A Toxic Timebomb: The Lurking Hazard of Poorly Managed Waste

In Bosnia and Herzegovina, the clock is ticking on an environmental disaster of potentially catastrophic scale. Poorly managed toxic waste, under invested landfills, and burgeoning illegal dump sites pose a severe threat to the health and well-being of communities and the environment

Authors: Tim JENKINS and Veronika JELINKOVA

When people think of waste management challenges in BiH, they often picture River Drina clogged with plastic waste. While disturbing in many ways, this is only part of the problem.

A recent article published by the Sarajevo Times highlights the grave concerns from a local civil society organization, revealed a startling volume of toxic waste left behind after private companies closed their doors in Tuzla. The lingering toxins, which include ethylene, propylene, chlorine, and mercury, have accumulated into hundreds of tons of hazardous waste.

Regrettably, Tuzla is not an isolated case.

“Dump of death”

Across BiH, overflowing landfills are woefully unprepared for the accelerating influx of waste. This situation has led to the unfortunate emergence of illegal waste sites, tarnishing previously untouched rivers and valleys. Whilst governments across BiH have gone after illegal dump sights, many still exist.

Near the beautiful city of Mostar there is a landfill, dubbed the ‘dump of death,’ where locals are increasingly concerned that toxic runoff – like copper, lead, zinc, and arsenic – could be contaminating underground aquifers and other freshwater sources. Despite the landfill being in operation since 1962, it has lacked a comprehensive waste management system and regular investment in upkeep and modern technologies, which are crucial for preventing the leakage of hazardous waste.

Alarm bells

If the alarm bells around the environmental or public health concerns are not enough to cause pause, waste pollution carries significant economic impact –  resulting in decreased tourism, land devaluation, high clean-up costs, and more. A dip in tourism would have serious socio-economic consequences for the country.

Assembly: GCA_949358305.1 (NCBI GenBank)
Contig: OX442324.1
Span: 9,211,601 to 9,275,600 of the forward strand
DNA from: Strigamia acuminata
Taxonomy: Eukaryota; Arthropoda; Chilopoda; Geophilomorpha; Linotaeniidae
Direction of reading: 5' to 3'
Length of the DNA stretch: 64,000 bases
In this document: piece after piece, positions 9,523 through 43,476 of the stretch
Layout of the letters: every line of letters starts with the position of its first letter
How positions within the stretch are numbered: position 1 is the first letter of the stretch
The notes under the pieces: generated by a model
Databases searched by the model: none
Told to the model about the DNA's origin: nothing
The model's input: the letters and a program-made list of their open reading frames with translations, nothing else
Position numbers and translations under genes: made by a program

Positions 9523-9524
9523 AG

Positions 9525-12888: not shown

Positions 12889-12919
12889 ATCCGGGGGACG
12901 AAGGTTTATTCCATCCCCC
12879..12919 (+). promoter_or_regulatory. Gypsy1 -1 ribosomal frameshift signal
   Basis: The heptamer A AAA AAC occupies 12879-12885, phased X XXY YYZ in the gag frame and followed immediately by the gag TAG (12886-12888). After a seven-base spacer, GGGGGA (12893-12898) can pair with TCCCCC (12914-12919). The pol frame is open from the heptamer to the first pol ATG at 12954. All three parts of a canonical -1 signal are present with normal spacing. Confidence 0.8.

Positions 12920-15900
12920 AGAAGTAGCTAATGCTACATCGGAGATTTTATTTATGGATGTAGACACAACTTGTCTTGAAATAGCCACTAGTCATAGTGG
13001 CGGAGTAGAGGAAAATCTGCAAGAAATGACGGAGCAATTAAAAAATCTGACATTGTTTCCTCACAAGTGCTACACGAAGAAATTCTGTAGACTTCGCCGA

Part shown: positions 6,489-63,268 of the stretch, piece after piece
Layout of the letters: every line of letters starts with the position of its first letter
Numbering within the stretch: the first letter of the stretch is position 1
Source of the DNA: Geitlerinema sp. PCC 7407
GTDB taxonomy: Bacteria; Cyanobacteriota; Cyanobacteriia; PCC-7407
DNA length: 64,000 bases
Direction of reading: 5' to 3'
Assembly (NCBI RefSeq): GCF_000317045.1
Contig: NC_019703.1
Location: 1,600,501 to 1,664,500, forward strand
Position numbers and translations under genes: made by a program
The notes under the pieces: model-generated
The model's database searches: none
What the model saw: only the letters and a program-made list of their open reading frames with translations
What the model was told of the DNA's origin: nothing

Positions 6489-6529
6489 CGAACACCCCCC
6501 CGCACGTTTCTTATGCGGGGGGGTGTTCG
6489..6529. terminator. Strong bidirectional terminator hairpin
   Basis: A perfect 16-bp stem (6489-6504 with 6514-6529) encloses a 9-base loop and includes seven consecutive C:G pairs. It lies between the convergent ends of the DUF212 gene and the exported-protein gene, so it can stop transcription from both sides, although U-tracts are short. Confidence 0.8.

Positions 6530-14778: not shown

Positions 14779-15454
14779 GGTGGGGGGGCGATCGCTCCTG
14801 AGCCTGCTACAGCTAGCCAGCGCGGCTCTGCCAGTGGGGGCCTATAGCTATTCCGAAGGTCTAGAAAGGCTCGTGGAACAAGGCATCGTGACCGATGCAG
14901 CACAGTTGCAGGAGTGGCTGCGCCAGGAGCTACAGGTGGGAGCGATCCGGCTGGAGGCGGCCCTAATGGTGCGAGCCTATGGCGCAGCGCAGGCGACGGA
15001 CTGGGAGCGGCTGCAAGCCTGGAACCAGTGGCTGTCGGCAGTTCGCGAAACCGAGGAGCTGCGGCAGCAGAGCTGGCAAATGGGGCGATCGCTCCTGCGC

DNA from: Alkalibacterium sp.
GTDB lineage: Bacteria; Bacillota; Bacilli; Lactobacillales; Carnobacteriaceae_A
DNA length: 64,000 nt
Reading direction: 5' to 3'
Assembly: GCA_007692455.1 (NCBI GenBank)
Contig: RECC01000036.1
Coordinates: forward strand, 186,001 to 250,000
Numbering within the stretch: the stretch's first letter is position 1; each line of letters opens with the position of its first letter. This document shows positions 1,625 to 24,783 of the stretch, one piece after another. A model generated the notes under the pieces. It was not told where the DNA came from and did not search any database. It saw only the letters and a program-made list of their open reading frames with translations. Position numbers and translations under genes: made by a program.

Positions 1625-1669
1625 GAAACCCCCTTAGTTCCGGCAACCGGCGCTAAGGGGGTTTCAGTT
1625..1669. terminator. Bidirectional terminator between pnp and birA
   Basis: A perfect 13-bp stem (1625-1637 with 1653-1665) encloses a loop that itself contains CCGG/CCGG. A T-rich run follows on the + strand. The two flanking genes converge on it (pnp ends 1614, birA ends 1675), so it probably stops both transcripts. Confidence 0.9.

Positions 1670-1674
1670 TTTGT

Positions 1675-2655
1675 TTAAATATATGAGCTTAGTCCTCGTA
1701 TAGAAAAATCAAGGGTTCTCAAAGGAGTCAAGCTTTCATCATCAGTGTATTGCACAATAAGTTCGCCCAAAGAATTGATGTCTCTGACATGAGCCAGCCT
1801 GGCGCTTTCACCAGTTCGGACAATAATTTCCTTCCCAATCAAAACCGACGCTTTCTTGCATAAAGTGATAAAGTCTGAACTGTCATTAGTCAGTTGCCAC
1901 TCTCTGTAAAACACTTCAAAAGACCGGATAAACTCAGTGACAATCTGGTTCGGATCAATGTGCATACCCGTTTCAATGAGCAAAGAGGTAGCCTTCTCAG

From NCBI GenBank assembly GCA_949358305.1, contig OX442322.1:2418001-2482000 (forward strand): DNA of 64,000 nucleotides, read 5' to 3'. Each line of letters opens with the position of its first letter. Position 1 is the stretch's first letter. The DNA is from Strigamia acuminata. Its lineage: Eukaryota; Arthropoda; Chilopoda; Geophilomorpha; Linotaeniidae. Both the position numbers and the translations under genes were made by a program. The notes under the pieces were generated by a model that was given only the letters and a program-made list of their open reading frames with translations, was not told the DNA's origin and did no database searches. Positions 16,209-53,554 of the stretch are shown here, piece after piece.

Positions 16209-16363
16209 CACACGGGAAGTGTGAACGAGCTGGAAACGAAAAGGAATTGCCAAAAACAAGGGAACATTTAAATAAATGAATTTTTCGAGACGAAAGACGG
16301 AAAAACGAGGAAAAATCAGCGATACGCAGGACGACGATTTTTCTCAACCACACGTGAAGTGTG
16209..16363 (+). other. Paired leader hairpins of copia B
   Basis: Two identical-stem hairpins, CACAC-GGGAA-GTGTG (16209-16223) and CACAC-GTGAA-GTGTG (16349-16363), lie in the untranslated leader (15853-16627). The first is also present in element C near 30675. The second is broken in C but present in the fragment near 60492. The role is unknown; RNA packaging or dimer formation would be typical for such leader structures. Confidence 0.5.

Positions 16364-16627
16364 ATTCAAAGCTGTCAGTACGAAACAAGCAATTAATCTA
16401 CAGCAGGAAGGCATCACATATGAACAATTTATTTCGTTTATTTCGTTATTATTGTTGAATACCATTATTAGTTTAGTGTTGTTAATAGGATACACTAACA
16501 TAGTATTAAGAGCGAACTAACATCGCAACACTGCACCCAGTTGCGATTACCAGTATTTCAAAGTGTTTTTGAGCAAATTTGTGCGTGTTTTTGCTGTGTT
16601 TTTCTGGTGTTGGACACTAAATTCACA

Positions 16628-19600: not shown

In a nation of such sweeping beauty and with EU accession a national priority, poorly managed waste could do long-lasting harm to the economy, environment, and ambitions to join the EU.

So, what can be done?

  • Investment on a local and international scale is critical to upgrade and modernize existing landfill facilities, as well as strengthen the knowhow of local waste management experts. There is less and less apatite from neighbouring countries to accept toxic waste for processing and disposal. It’s also enormously costly.
  • Policymakers must impose stringent regulations on the private sector to ensure responsible waste management, and incentivize practices that mitigate waste production by considering the entire life cycle of their products. Whether it’s plastics, hazardous materials, or other types of waste, private companies should have long-term plans to manage it.
  • Empowering communities through robust and transparent waste monitoring systems is vital, allowing locals and civil society to flag illegal waste sites and actively participate in preserving their environment.
  • In the medium and long-term, we must accelerate our transition towards a circular economy. This can’t be the will of citizens alone. Governments and the private sector must step-up. The EU’s Waste Policy and the EU Green Deal provide us with roadmaps on how we can get there.

While international actors, together with local municipalities, have done their part, the problem is decades in the making. Additional national and international financing is needed to avert an environmental and humanitarian catastrophe.

Together with the BiH governments, EU, citizens, civil society, and the international community, we have time to avert this disaster, but only if we start now.

On this World Environment Day, let’s recommit to not only beating plastic waste, but holistically improving waste management in BiH and the Western Balkans.


  • Tim Jenkins is the Regional Representative in the Western Balkans for People In Need. Tim has been working on issues around environmental pollution for more nearly a decade. In BiH and Kosovo, Tim oversees his team working on waste management and the circular economy.
  • Veronika Jelinkova is the Project Director for People In Need and based in Mostar. She has more than a decade of experience working in development programming, particularly delivering projects and publications dealing with natural resource management and environmental protection.



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